In this post I will cover typical reasons why a Group Policy object (GPO) may not be applied to an organizational unit (OU), specific computer or domain user. I think this post will be useful both to newbies and IT-pros to understand the GPO operation and architecture. First, I’ll tell about possible problems of applying GPO related to the policy settings on the domain level instead of troubleshooting GPO on the clients. Almost all settings described in this post are configured using the Group Policy Management Console (GPMC.msc).
Managing GPO Scope
If a policy setting is not applied on a client, check your GPO scope. If you configure the setting in the Computer Configuration section, your Group Policy must be linked to an OU with computer objects. The same is true, if you set your parameters in the User configuration section.
Also make sure that the object you are trying to apply your GPO to is in the right computers or users AD container (OU). You can search your domain for object. The OU that contains your object is specified in the Object tab in the ADUC (dsa.msc) console.
It means that the target object must be located in the OU the policy is linked to (or in a nested AD container).
Security Filtering in GPO
Check the Security Filtering settings in your policy. By default, all new GPO objects in the domain have the permissions for the Authenticated Users group enabled. This group includes all users and computers in the domain. It means the policy will be applied to all users and PCs within its scope.
If you want to change the Security Filtering in order to apply the policy only to the members of the specific security group (or certain users/computers), remove the “Authenticated Users” from the Security Filtering list and make sure that the target object (a user or a computer) has been added to the AD group you need. Also make sure that the group you have added to the Security Filtering has Read and Apply group policy permissions with the Allow option checked in the GPO -> Delegation -> Advanced tab.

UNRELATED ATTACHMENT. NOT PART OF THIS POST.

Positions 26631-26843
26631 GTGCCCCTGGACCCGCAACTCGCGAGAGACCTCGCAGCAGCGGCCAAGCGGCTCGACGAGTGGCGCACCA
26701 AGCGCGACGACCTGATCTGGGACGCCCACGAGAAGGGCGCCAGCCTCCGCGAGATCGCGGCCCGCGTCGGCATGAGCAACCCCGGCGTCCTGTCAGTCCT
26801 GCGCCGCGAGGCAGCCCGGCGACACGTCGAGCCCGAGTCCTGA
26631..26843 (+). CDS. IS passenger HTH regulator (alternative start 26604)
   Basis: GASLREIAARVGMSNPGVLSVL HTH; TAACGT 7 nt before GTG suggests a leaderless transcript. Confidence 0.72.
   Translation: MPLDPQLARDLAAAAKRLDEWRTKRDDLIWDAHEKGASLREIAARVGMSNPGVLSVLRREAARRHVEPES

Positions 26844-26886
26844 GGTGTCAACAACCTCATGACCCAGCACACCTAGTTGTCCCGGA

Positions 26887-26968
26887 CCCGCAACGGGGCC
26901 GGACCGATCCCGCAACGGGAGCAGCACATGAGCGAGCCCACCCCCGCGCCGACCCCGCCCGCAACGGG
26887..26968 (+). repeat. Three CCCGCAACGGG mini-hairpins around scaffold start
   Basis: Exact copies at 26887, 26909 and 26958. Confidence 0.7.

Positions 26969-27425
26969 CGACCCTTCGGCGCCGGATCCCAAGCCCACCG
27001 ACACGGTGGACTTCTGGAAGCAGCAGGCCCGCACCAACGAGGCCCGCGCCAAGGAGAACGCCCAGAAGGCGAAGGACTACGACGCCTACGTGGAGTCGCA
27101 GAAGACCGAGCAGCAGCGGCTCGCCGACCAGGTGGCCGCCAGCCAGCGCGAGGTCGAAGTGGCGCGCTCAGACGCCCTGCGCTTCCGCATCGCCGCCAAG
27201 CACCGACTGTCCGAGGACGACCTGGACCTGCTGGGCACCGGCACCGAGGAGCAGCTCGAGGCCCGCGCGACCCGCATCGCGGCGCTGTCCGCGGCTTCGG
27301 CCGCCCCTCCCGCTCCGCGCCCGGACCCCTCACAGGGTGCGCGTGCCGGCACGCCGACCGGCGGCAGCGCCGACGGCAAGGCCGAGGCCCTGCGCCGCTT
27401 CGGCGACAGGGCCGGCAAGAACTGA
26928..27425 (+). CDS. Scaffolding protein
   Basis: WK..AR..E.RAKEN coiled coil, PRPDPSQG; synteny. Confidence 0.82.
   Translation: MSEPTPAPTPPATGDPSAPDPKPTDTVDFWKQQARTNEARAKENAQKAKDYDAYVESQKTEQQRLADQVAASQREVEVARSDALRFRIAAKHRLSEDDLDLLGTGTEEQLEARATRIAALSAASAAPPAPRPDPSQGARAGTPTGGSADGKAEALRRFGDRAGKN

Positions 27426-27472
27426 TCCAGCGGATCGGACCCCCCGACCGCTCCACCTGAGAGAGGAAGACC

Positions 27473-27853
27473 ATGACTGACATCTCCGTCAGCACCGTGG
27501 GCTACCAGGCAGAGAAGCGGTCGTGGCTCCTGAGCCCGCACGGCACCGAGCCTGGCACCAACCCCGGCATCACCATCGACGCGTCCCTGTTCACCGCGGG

If you are using non-standard GPO security filters, check that there is no explicit prohibition on the use of GPO for target groups (Deny).
GPO WMI Filtering
You can use special WMI filters in the GPO. Thus, you can apply a policy to your computers based on some WMI query. For example, you can create a GPO WMI filter to apply a policy only to computers with the specific Windows version, to computers in the certain IP subnet, and even laptops only, etc.
When using Group Policy WMI filtering, make sure that your WMI query is correct. It should select only the systems you need and your target computers are not excluded. You can test your WMI filter on the computers using PowerShell:
gwmi -Query ‘select * from Win32_OperatingSystem where Version like "10.%" and ProductType="1"‘
If the query returns any data, then the WMI filter will be applied to this computer.
Check the GPO status in the Details tab of the policy properties in GPMC.msc. Note the value in the GPO Status drop-down list.
As you can see, 4 options are available:
- All settings disabled – all policy settings are disabled (GPO won’t apply);
- Computer configuration settings disabled – the settings only from the computer configuration of your GPO are not applied;
- User configuration settings disabled – the settings from the user configuration section are not applied;
- Enabled – all GPO settings are applied to the target AD objects (the default value).
Group Policy Delegation
The permissions configured for a policy are shown in the Delegation tab of the GPO. Here you can see which group members can change this GPO settings and whether the policy is applied to them. You can grant privileges to manage GPO from this console or using the Active Directory Delegation Wizard in ADUC. If there is an access permission “Enterprise Domain Controllers”, this policy can be replicated between Active Directory domain controllers (please note it if you have any policy replication issues between DCs). Please also note that the permissions in the Delegation tab must match the NTFS permissions assigned to the policy directory in the SYSVOL folder.